How safe is hypnosis?

Hypnosis is generally a safe procedure when applied by a trained hypnotherapist. However it is not completely without risk, as a trance induction could activate distressing associations, thoughts, feelings, and memories. For this reason, when negative consequences do occur, they are likely a result of hypnosis being used inappropriately or by inadequately trained health care providers (Eimer, 2012).

Safe hypnosis is conducted in settings where trained and responsible hypnotherapists can ensure that they can provide appropriate follow-up if necessary. It is conducted after a context appropriate intake evaluation has been performed, and after informed consent has been obtained from the client. Safe hypnosis is not applied to particularly vulnerable individuals, such as people who are actively psychotic, schizophrenic, severely borderline, markedly dissociative, and persons with certain unstable medical conditions that could be acutely aggravated by negative emotional states. Furthermore, safe hypnosis is not practiced on clients who are acutely intoxicated, inebriated, high, or under the influence of drugs because the hypnotic context could increase the likelihood that they will engage in inappropriate, dangerous, high risk or destructive behavior (Hunter, 2010).

Barnier, A. J., Cox, R. E., & McConkey, K. M. (2014). The province of “highs”: The high hypnotizable person in the science of hypnosis and in psychological science. Psychology of Consciousness: Theory, Research, and Practice, 1(2), 168–183. doi:10.1037/cns0000018

Cardeña, E. (2014). Hypnos and psyche: How hypnosis has contributed to the study of consciousness. Psychology of Consciousness: Theory, Research, and Practice, 1(2), 123–138. doi:10.1037/cns0000017

Eimer, B. N. (2012). Inadvertent Adverse Consequences of Clinical and Forensic Hypnosis: Minimizing the Risks. American Journal of Clinical Hypnosis, 55(1), 8–31. doi:10.1080/00029157.2012.686071

Green, J. P., Laurence, J.-R., & Lynn, S. J. (2014). Hypnosis and psychotherapy: From Mesmer to mindfulness. Psychology of Consciousness: Theory, Research, and Practice, 1(2), 199–212. doi:10.1037/cns0000015

Hunter, C. R. (2010). The art of hypnosis: Mastering basic techniques. Crown House.

Jensen, M. P., & Patterson, D. R. (2014). Hypnotic approaches for chronic pain management: Clinical implications of recent research findings. American Psychologist, 69(2), 167–177. doi:10.1037/a0035644

Kihlstrom, J. F. (2014). Hypnosis and cognition. Psychology of Consciousness: Theory, Research, and Practice, 1(2), 139–152. doi:10.1037/cns0000014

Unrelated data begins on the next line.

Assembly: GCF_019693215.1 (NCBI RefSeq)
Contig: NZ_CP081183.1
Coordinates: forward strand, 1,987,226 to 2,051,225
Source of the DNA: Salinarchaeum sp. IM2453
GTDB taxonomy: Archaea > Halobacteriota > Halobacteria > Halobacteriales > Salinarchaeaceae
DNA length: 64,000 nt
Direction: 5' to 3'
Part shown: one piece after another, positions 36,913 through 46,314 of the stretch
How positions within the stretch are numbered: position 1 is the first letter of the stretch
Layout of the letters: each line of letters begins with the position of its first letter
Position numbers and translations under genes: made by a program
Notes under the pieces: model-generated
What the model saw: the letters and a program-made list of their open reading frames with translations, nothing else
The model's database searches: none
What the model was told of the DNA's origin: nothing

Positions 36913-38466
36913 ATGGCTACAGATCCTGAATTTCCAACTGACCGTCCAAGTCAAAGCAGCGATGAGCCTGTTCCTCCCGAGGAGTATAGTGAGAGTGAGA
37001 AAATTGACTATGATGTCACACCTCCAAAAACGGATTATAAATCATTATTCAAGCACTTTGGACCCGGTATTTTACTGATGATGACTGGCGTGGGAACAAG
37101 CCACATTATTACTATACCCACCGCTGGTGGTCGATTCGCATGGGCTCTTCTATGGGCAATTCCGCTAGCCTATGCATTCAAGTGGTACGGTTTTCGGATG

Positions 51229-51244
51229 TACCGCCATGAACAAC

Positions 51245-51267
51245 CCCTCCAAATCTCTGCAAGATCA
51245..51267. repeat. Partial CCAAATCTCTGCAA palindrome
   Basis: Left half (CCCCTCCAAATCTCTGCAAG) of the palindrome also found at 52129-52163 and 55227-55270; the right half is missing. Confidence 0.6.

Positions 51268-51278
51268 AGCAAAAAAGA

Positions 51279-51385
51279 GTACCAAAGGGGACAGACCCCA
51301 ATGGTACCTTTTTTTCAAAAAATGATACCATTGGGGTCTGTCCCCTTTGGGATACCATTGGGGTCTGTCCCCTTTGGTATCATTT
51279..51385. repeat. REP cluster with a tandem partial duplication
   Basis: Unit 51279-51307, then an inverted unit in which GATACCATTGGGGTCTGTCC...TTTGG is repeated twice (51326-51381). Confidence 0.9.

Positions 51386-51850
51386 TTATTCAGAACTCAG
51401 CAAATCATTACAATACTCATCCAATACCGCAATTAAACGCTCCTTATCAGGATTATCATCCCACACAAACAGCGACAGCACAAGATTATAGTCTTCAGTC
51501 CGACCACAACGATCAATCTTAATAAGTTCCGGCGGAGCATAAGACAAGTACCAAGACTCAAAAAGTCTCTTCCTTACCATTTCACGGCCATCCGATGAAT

Lichtenberg, P., Bachner-Melman, R., Ebstein, R. P., & Crawford, H. J. (2004). Hypnotic Susceptibility: Multidimensional Relationships With Cloninger?s Tridimensional Personality Questionnaire, COMT Polymorphisms, Absorption, and Attentional Characteristics. International Journal of Clinical and Experimental Hypnosis, 52(1), 47–72. doi:10.1076/iceh.

Lifshitz, M., Aubert Bonn, N., Fischer, A., Kashem, I. F., & Raz, A. (2013). Using suggestion to modulate automatic processes: From Stroop to McGurk and beyond. Cortex, 49(2), 463–473. doi:10.1016/j.cortex.2012.08.007

Moors, A., & De Houwer, J. (2006). Automaticity: A Theoretical and Conceptual Analysis. Psychological Bulletin, 132(2), 297–326. doi:10.1037/0033-2909.132.2.297

Ponniah, K., & Hollon, S. D. (2009). Empirically supported psychological treatments for adult acute stress disorder and posttraumatic stress disorder: a review. Depression and Anxiety, 26(12), 1086–1109. doi:10.1002/da.20635

Yapko, M. D. (2010). Hypnosis in the Treatment of Depression: An Overdue Approach for Encouraging Skillful Mood Management. International Journal of Clinical and Experimental Hypnosis, 58(2), 137–146. doi:10.1080/00207140903523137

Locations North Perth & Fremantle:

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North Perth Location

Registered Psychologist Jorg Thonnissen
(B.Psych., M.A. Psych., Cert. Hyp. MAPS)
79 Eton St, North Perth, 6006

Phone – 08 6460 3531
Mobile – 0411 696 693

Fremantle Location

Counsellor Barbara Saba
(M.H.C., Grad. Dip. H C., Dip. Ed., Cert. Hyp., Training Officer for PHWA)
Mobile – 0415 536 580

For EMERGENCY phone numbers and web links see further below:

Thank you kindly for your visit.

Warmest regards